Understanding that UTEP helped break down racial barriers, we both decided that the synchronicity of us being presidents at the same time would allow us to highlight the issue of ethnic and racial disparities. It's important and needs to be solved. We'll look for opportunities to address that. In the first week of September, Dr. Edwards and I will go back to El Paso to talk about the importance of education so that we have a diverse workforce and keep kids in school, and give them the opportunity to advance, especially the underrepresented minorities.
Texas Medicine : The AMA membership in Texas is not where AMA would like it to be. One of the problems is that many physicians rely on their specialty society to speak for them nationally. Is there anything you can do to encourage more Texas physicians to join AMA?
Dr. Rohack : When Texas physicians look at their membership dues, they ask if they are getting value for those dues. My response is that $420 is an investment to make sure AMA, as well as TMA, is strong so that when we go to Congress we have the numbers behind us. We will battle for the profession but we're up against the unified hospital front, a unified insurance front, and certainly the government.
If you're loyal to your specialty and let your specialty be your national voice, that is the same problem Babylon had with many tongues. Each specialty has its own unique desires and when Congress hears that cacophony of voices, it just says, 'Medicine doesn't know want it wants' and ignores it all. TMA has been very powerful in Austin but as TMA goes to Washington, when we look at our votes, we only have two senators and we don't have the largest number of representatives, so we still have to work with coalitions. The strength of our medical profession is to have a national voice that speaks for all doctors. I still firmly believe that the stronger the AMA is, the better the care for our patients will be because we'll be speaking with one voice.
Larry BeSaw can be reached by telephone at (800) 880-1300, ext. 1383, or (512) 370-1383; by fax at (512) 370-1629; or by e-mail at Larry BeSaw .
An Impressive Record
Temple cardiologist Jim Rohack, MD, brings a long history of involvement in organized medicine to the American Medical Association presidency.
He started as a member of the TMA Medical Student Section, then progressed to membership in the resident and young physician sections, chair of the TMA Council on Medical Education, a member of the Board of Trustees, and, finally, its president.
His AMA involvement is equally impressive. He was a TMA delegate to AMA, member of the AMA Council on Medical Education, and the AMA representative to the Liaison Committee on Medical Education, the Accreditation Council on Continuing Medical Education, the Liaison Committee for Specialty Boards, and the steering committee of the Federation of State Medical Boards Convened Summits on Assessment of Physician Competency. He has been a member and thenchair of the AMA Board of Trustees and chaired both the AMA board's Executive Committee and the Organization and Operations Committee.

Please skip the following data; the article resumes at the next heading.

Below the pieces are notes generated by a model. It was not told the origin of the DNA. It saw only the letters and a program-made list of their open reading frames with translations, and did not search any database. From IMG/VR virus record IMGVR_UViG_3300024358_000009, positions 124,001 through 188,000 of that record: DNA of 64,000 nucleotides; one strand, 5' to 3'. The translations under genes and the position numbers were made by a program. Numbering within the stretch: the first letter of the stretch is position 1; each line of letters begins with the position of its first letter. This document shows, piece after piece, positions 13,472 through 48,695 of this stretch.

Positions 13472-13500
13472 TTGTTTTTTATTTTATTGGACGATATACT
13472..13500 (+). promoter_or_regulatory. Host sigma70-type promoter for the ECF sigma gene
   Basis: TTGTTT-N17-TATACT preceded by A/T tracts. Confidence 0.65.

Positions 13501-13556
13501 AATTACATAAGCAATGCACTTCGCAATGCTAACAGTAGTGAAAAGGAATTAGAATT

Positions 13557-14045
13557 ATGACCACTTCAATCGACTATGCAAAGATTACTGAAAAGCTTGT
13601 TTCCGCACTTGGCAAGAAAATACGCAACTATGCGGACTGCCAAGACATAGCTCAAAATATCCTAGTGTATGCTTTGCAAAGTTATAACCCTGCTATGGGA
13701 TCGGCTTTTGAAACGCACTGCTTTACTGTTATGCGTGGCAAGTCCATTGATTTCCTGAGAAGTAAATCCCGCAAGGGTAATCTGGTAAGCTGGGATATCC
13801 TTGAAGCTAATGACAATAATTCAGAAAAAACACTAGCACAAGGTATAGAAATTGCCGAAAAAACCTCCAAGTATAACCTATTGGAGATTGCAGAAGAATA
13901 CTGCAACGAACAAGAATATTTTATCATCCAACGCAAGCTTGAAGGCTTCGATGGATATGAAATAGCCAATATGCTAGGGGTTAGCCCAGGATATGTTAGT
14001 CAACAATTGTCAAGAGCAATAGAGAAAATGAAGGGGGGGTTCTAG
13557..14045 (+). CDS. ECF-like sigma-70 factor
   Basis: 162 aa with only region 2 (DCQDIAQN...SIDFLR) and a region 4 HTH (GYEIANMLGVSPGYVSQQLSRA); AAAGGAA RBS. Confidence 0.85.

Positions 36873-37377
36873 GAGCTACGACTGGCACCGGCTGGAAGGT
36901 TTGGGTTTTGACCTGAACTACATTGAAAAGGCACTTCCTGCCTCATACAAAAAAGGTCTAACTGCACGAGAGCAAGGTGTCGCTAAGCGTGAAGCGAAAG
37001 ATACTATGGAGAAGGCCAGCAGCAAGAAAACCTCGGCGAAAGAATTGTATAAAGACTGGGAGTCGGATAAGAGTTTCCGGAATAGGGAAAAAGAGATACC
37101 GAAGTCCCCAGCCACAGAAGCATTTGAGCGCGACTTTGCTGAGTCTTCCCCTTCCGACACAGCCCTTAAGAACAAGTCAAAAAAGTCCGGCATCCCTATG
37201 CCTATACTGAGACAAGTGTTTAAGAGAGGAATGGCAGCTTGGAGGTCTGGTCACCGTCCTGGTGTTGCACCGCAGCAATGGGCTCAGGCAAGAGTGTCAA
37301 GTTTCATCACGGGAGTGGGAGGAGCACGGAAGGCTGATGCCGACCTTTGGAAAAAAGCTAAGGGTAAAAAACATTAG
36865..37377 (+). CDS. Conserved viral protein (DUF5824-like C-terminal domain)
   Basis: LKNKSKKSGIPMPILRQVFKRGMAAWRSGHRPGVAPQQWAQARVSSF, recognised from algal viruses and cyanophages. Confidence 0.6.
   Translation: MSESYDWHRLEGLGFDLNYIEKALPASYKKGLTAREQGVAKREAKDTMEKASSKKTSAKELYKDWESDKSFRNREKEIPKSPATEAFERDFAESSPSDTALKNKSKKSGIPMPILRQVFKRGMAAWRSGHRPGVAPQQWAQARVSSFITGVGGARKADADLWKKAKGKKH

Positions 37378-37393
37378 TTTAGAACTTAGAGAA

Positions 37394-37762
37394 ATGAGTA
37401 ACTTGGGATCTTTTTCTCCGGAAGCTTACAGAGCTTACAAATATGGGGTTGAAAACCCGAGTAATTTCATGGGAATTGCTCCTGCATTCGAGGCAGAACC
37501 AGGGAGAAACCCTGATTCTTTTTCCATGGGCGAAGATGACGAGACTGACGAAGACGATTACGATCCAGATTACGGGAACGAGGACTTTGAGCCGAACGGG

Finally, he has served as treasurer of the board of commissioners of the Joint Commission, chaired the National Advisory Council to the Agency for Healthcare Research and Quality, and is one of the principals of the Hospital Quality Alliance.
A senior staff cardiologist and board-certified cardiologist at Scott & White Clinic in Temple , Dr. Rohack is actively involved in patient care as the director of the Center for Healthcare Policy and the medical director for system improvement of Scott & White Healthcare. He's also professor in both the medicine and humanities departments at Texas A&M Health Science Center College of Medicine.
Dr. Rohack, who is a fellow of the American College of Cardiology and the American College of Physicians, has also served on the Bush School of Government & Public Service Advisory Board, The University of Texas M.D. Anderson Cancer Center Executive Advisory Panel, the Texas A&M University System Health Science Center School of Rural Public Health External Advisory Committee, and on the board of directors of the American College of Cardiology, Texas Chapter.
Born in Rochester, NY, Dr. Rohack received his BS degree with highest honors from The University of Texas at El Paso (UTEP) and his medical degree with honors from The University of Texas Medical Branch (UTMB) at Galveston. He received the Ashbel Smith Distinguished Alumnus award from UTMB in 2000, the distinguished Alumnus Golden Nugget Award from the UTEP College of Liberal Arts in 2002, and the Distinguished UTEP Alumnus Award in 2008.
Dr. Rohack lives on a small ranch near Bryan that also serves as a wildlife rescue, rehabilitation, and release facility directed by his wife, Charlotte. They have one daughter.